The Top 3 Video Editing Softwares From the Perspective of a Photographer
Ok, confession time. I have been putting off writing this post for quite some time now. I don’t think its because I didn’t want to write about it or because I was afraid I would be sharing too much information too freely. Instead, I think I have been hesitant because I doubt my own knowledge and expertise. If we get down to it, I am a photographer at heart. I’ve been shooting photography professionally for more than eight years now, and that ultimately is where I am comfortable.
But, about five years ago or so, we decided we would serve clients with both photo and video. And I knew I couldn’t claim ignorance any longer. So today, I, a photographer, am going to do my best to explain the three most common professional video editing softwares. And then I will tell you which one we use and why we love it most. I promise I will use non-technical language that is easy to understand and sprinkle in plenty of pretty photos, for us non-video-people to feel more comfortable. 😉
**Also, these thoughts are our own, and based on our own experiences. Other professionals (including you) may have differing opinions, and that’s totally cool!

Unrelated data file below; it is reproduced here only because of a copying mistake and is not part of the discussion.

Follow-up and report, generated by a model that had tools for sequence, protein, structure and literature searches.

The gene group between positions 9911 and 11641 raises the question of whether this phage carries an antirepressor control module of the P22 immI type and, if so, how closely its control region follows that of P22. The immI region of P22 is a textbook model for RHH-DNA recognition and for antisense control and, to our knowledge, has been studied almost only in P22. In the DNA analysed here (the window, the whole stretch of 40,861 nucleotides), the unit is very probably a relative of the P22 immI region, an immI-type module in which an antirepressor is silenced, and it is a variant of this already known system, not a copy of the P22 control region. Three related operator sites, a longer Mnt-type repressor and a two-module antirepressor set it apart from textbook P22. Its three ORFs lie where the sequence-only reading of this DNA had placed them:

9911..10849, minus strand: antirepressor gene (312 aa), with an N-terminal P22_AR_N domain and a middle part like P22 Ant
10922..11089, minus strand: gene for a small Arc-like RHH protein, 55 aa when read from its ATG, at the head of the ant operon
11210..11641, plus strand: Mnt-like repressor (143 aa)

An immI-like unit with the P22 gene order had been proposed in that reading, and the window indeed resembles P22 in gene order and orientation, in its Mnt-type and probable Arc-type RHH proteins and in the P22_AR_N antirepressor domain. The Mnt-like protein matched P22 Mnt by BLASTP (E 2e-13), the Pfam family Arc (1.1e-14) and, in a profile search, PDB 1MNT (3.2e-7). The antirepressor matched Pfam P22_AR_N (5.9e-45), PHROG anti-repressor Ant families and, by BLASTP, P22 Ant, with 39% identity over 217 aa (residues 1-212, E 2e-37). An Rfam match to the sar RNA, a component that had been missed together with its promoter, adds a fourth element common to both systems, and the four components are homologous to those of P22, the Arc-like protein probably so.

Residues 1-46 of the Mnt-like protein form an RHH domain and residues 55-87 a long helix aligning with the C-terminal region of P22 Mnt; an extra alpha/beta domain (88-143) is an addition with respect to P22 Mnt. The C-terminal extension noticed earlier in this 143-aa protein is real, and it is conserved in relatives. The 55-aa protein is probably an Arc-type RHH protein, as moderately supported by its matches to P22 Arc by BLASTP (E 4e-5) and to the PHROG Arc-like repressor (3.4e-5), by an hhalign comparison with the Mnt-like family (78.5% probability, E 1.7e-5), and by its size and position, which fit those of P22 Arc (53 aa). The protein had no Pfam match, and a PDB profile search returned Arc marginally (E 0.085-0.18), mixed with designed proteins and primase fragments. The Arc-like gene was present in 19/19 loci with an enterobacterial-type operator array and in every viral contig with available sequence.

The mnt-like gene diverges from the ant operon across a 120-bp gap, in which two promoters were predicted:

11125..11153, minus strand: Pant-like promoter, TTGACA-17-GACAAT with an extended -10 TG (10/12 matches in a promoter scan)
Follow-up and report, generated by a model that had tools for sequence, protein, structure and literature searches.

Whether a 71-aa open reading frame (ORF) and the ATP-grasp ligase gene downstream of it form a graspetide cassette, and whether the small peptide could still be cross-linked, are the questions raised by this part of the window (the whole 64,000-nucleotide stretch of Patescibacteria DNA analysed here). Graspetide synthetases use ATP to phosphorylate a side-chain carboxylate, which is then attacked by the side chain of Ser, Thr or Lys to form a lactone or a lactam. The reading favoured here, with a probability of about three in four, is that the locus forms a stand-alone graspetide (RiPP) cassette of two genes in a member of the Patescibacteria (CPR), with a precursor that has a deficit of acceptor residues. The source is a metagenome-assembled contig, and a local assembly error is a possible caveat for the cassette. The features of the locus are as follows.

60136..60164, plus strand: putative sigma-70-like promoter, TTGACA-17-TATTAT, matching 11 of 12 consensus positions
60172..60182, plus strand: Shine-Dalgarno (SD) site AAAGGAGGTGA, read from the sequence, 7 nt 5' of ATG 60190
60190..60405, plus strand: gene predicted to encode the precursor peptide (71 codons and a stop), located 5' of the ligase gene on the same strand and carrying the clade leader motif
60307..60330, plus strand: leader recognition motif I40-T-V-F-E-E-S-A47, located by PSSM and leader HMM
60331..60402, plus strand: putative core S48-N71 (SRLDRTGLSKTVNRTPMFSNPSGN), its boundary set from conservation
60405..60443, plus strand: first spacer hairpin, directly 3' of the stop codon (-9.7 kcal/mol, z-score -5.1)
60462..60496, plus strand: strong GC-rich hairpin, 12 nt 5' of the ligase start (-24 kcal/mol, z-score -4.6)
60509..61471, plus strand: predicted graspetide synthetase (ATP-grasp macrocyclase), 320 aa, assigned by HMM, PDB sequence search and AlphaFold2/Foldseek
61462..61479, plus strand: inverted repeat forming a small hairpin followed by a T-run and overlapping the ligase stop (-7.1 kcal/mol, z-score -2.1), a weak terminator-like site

Option 1: Adobe Premiere
If you’re a photographer, this is probably the most familiar of the video editing softwares. That is likely because you are using Adobe Lightroom or Adobe Camera Raw to edit your images. If you are paying $50/month for the Adobe Creative Suite, you even already own this (or at least the subscription of it). If you are paying $10/mo for Lightroom & Photoshop, you would need to upgrade. Premiere is what I started editing on, and is likely the most common among Adobe users.
- Included in the Creative Cloud (full subscription)
- Easily accessible and familiar to creatives
- Designed with an engineering-type interface
- Must pay for full Creative Cloud subscription, cannot own it outright
- Least stable of the three (tends to crash easily)
- Designed to be supplemented by Adobe’s other programs and plugins
- Can get expensive quickly
Option 2: Final Cut Pro
Next on our list of video editing softwares is Final Cut Pro, or FCP. When Dan and I first met, way back in college, he was “the video guy” on our small campus. He had a giant camera that he carried around on his shoulder (it was 2002, friends). And he used Final Cut Pro to edit. This is the extent of my knowlege of FCP, because he had already switched to Premiere when I started editing.
So, this is the one I know the least about. (Spoiler alert, we don’t use this one). So, I had Dan help me understand the pros and cons of it and the basics of the software.
- Fast processing (when using a Mac)
- Optimized for Apple hardware
- Operates with a “magnetic timeline,” where the pieces of video “stick” together in the editing line. This can be great for simple projects and allows the editor to create videos very quickly.
- Not available for PC users
- Lacks robust tools for advanced editing (audio, coloring, etc)